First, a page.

This easy, rich turkey gravy is made with roux and turkey pan drippings. Super flavorful, and very customizable - get it as dark as you like!
I finally got around to posting How to Roast a Stuffed Turkey, so now it’s time to share my way of making delicious turkey gravy!
My best turkey gravy recipe is less an actual recipe, and more just a technique, a few simple steps and starting proportions for the ingredients - you’ll adjust as you go, ro make the perfect gravy for YOUR tastes!
This cooked flour and butter mixture is a staple of Cajun and Creole cooking, and is the key to making perfect turkey gravy.
How you cook it will determine the outcome of your delicious gravy, in terms of color, flavour, AND thickness - more on that in a bit!
This incredibly rich gravy is the absolute best way to top off your Thanksgiving turkey, mashed potatoes, and pretty much anything else on your Thanksgiving table.
(Like my Savory Mushroom Chestnut Stuffing!)
This post contains a lot of good information, so if you’re new to making gravy, I don’t recommend skipping to the recipe - there are a lot of tips and good information you’ll miss!
Let’s get to it
This recipe uses simple ingredients that are easy to find in any grocery store - IF you don’t already have them on hand!
A few notes:
Drippings and Stock
To make the best homemade turkey gravy, you’ll want to use the leftover pan drippings from a roast turkey, and that’s what this easy turkey gravy recipe does.
Odds are that you won’t have enough turkey drippings to make enough gravy, so we supplement it with broth or stock.
I generally use chicken broth or chicken stock - sometimes my own stock, if I have some on hand - as it’s the most readily available.
That said, turkey stock or turkey broth are also great options!
All purpose flour is all you need for this - I don’t recommend using whole wheat flour, as it will cause a grainy gravy.
Either one makes a lovely roux - the key to making a nice, brown gravy!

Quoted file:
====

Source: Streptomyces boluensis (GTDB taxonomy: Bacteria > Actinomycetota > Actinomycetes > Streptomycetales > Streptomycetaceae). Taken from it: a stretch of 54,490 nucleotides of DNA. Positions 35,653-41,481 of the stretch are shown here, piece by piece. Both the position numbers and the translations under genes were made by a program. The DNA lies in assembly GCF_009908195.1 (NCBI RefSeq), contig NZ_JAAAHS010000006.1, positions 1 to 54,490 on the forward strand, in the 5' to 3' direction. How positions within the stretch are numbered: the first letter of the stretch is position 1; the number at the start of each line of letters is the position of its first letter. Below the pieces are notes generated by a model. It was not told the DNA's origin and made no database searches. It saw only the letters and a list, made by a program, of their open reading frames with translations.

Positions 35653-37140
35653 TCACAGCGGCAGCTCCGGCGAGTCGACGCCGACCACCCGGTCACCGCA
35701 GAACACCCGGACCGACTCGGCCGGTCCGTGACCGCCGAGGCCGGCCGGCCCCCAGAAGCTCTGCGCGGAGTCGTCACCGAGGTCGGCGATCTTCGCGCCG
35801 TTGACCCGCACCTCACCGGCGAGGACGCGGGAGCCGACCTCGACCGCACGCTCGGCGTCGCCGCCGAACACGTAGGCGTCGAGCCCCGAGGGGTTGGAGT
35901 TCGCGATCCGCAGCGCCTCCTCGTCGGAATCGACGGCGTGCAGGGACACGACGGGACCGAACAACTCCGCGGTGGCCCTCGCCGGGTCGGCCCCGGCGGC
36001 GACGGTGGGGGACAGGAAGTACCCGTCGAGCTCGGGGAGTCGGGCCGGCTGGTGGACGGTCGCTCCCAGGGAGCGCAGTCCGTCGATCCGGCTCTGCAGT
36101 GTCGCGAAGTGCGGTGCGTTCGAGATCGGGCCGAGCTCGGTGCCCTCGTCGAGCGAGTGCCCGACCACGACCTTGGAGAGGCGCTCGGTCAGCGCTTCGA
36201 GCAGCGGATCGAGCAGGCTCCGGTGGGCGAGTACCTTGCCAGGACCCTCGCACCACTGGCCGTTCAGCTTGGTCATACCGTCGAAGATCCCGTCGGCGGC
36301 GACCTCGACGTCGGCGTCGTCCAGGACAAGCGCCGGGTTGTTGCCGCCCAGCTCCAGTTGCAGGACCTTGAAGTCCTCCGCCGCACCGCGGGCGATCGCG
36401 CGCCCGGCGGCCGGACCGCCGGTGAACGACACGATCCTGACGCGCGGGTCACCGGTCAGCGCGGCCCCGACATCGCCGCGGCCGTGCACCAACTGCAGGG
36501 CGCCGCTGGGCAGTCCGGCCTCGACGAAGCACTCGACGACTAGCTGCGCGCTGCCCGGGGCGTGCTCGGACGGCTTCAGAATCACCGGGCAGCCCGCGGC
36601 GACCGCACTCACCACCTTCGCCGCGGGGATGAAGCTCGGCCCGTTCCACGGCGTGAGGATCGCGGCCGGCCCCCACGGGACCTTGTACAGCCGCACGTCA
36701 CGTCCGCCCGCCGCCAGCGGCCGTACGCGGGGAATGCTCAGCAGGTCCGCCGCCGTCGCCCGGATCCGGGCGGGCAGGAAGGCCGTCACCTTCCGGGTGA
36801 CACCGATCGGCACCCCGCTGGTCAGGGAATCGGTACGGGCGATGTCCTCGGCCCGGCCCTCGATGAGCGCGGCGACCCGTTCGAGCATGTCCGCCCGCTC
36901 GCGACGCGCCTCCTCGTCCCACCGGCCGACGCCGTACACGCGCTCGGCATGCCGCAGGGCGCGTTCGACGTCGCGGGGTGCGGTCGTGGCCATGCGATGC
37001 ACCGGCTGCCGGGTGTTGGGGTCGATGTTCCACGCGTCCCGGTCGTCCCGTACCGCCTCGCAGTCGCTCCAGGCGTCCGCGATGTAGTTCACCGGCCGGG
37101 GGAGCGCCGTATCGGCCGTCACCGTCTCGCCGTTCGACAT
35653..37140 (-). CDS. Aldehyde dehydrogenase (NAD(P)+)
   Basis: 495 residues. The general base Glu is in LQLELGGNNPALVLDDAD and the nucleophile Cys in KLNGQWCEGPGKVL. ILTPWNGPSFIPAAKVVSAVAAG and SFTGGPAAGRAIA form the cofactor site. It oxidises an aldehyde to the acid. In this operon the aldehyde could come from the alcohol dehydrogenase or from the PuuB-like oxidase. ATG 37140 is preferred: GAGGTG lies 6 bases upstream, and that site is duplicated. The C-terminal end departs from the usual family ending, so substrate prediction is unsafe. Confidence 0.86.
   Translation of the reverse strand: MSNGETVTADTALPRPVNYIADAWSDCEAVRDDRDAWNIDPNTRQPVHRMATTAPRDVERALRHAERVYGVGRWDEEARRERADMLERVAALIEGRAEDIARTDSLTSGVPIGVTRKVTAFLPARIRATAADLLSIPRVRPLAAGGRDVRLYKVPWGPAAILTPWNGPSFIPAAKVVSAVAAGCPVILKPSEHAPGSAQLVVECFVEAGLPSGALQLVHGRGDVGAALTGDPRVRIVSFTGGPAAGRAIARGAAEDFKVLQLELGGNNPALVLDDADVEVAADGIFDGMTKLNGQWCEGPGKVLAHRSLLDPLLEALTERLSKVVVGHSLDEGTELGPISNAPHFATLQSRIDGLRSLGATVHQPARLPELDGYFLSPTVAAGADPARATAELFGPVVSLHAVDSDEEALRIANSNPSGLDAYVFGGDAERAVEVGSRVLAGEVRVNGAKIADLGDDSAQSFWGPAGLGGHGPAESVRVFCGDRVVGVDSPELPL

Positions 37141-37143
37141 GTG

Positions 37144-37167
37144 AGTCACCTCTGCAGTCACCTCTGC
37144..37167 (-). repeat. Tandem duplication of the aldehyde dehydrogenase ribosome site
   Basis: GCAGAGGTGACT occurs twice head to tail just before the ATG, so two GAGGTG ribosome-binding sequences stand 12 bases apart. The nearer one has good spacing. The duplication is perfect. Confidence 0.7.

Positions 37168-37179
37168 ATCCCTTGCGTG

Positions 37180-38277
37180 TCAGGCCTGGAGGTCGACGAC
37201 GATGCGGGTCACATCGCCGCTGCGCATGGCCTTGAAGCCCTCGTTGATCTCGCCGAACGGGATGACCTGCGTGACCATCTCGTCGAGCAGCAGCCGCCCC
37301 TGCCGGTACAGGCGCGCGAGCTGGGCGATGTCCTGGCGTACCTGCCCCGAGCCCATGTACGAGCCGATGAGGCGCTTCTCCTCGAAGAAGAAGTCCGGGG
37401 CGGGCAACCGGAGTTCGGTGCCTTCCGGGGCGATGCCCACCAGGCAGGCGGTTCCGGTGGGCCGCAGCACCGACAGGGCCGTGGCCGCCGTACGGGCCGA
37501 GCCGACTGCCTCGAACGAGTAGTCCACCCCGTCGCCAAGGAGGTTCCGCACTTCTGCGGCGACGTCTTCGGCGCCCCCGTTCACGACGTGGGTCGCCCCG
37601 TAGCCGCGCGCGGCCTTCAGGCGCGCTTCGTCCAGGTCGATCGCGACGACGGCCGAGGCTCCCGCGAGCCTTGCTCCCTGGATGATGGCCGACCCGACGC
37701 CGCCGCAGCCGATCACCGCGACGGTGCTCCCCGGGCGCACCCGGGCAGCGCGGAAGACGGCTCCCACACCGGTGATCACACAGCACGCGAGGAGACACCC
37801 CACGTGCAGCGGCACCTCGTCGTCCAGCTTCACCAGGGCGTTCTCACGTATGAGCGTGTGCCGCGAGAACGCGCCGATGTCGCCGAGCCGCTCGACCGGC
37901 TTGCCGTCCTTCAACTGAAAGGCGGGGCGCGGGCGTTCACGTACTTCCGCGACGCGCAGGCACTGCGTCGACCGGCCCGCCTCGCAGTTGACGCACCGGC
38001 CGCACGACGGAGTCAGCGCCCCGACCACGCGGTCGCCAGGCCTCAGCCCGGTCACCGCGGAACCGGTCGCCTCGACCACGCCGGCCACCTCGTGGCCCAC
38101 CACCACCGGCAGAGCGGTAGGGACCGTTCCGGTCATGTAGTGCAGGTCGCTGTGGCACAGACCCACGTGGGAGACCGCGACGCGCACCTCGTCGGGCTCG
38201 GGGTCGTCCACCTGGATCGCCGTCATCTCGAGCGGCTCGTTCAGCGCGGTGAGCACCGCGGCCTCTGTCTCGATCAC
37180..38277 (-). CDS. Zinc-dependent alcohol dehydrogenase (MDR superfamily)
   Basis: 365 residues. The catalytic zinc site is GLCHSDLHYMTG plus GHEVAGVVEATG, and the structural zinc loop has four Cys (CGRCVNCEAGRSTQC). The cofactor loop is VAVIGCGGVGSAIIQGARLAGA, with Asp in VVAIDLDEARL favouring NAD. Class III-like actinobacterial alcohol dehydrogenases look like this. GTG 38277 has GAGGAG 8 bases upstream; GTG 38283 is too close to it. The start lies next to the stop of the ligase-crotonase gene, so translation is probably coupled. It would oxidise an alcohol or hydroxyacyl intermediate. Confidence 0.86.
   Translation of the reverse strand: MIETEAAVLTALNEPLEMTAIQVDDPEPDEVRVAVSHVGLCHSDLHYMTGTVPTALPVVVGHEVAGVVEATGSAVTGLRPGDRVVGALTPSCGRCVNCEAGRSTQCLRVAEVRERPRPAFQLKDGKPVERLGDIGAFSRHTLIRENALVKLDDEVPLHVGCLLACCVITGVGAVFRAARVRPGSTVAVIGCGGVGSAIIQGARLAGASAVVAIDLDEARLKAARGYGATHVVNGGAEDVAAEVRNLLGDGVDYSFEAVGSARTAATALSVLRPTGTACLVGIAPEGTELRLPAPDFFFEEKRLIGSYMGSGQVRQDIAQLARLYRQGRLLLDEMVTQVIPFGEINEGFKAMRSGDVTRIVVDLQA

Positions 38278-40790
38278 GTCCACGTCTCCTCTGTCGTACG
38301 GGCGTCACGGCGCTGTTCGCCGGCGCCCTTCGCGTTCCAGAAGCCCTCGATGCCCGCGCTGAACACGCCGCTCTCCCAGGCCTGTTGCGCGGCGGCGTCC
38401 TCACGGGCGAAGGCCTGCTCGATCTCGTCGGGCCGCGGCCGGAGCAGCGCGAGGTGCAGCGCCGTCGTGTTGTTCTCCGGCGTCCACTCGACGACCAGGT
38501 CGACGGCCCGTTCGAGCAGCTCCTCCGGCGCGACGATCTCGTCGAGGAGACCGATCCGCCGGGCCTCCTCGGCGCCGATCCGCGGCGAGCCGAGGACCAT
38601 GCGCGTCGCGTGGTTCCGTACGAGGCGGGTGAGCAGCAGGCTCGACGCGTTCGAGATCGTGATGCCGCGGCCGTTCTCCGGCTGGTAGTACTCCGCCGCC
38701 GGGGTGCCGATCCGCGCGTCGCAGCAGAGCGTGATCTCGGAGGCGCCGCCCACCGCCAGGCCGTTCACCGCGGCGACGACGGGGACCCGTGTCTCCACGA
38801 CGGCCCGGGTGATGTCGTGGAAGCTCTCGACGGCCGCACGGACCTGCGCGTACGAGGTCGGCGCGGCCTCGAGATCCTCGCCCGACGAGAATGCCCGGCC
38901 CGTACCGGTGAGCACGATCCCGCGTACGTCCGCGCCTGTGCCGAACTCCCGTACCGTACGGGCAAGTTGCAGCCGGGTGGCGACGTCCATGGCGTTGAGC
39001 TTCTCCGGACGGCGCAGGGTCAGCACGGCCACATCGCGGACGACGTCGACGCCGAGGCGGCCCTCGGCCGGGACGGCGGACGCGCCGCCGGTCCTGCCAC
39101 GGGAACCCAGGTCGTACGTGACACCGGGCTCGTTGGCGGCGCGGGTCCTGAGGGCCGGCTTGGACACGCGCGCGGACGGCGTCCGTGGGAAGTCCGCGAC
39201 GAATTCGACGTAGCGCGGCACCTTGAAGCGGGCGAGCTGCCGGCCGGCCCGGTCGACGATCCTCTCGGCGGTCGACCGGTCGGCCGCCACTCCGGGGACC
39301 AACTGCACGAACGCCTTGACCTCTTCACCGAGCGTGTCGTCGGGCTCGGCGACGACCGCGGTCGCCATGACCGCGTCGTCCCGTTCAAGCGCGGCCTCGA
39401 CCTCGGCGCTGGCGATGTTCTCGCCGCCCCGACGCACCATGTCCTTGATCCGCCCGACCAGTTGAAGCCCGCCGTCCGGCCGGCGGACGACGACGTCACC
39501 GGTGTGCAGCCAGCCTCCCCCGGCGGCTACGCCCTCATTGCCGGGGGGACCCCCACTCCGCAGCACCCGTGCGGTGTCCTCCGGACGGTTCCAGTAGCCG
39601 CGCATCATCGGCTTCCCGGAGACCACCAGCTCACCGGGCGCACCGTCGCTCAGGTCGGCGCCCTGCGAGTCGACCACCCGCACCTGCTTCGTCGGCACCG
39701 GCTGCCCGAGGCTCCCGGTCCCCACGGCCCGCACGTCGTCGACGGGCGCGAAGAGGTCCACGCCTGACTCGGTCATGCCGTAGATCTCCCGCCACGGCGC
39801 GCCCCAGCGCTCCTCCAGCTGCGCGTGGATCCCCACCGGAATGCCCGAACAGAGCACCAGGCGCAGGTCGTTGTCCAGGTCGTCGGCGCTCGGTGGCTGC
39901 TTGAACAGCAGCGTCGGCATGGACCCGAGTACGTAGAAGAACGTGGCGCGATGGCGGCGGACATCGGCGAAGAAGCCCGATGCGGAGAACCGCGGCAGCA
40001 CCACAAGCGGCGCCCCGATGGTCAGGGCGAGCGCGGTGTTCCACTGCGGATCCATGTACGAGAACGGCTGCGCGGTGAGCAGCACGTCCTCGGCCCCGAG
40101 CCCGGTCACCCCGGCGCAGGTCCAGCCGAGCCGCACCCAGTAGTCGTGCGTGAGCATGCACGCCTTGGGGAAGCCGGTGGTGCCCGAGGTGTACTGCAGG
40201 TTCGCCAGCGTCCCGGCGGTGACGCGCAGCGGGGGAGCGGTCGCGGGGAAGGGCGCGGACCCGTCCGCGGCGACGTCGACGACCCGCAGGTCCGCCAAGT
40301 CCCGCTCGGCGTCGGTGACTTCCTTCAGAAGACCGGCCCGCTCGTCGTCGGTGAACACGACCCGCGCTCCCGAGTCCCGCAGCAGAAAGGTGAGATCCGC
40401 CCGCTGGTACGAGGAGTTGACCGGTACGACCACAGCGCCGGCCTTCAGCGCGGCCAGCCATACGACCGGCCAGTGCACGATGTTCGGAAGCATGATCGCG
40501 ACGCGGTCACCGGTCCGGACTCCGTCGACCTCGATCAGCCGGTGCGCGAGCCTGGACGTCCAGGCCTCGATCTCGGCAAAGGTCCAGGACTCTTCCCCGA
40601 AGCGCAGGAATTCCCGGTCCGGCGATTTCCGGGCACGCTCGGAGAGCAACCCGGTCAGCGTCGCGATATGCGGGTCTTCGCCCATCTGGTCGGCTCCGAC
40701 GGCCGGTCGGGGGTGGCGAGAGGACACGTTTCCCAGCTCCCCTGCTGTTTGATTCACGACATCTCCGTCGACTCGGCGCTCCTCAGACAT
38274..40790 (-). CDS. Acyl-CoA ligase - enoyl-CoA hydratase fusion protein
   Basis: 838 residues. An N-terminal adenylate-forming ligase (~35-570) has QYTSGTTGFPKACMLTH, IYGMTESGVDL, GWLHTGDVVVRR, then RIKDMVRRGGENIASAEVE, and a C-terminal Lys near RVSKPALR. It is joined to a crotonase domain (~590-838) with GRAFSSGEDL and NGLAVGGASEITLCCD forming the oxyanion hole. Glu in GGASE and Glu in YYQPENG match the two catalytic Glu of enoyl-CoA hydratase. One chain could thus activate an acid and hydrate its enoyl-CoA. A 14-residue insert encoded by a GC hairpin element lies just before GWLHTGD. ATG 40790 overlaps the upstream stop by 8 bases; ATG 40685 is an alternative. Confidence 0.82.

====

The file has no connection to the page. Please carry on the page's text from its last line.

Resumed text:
Butter (Or Another Fat)
I like to use unsalted butter for making my gravy - for the size of turkey we generally use, I’ll go with ½ cup of fat, to ½ cup of flour.
That said, you can make this with lard, shortening, bacon fat, or even herb butter!
Generally speaking, all you’ll need is a bit of kosher salt and black pepper for a good, basic gravy.
That said, I love to dress it up with herbs.
Fresh herbs are another option. A bit of fresh rosemary or fresh thyme makes for a really elegant gravy, IMHO.
By swapping - or adding - an ingredient, you can come up with a wildly different gravy. A few suggestions:
Turkey Gravy without Drippings
Skip everything to do with the drippings, measure out turkey stock instead. Proceed with the rest of the recipe as-is.
Keep everything the same, just swap in drippings from a beef roast, and beef stock.
You can use ¼-1/2 cup wine as part of your liquid. I like to use a dry white wine when making a poultry based gravy, or a red wine when making a beef gravy.
To use it, stream the wine in when your roux is the colour you’d like, THEN whisk in the drippings.
The alcohol will vaporize pretty quickly, leaving mostly just the flavour.
To ensure best results with your turkey gravy, there are a few kitchen tools you should have on hand, beyond the pot you’re cooking it in:
You’ll need to strain the drippings, and a Fine Mesh Sieve is the best option for that.
This is optional, but can be nice to have - one way or another, you’ll need to get the excess turkey fat off the drippings.
A traditional Fat Separator has the pour spout originating at the bottom of the vessel - I’ve never been fond of these, and tend to just ladle the fat off the top.
When writing this post, though, I came across the OXO Good Grips Good Gravy 4-Cup Fat Separator , which is a totally different imagining of the same concept.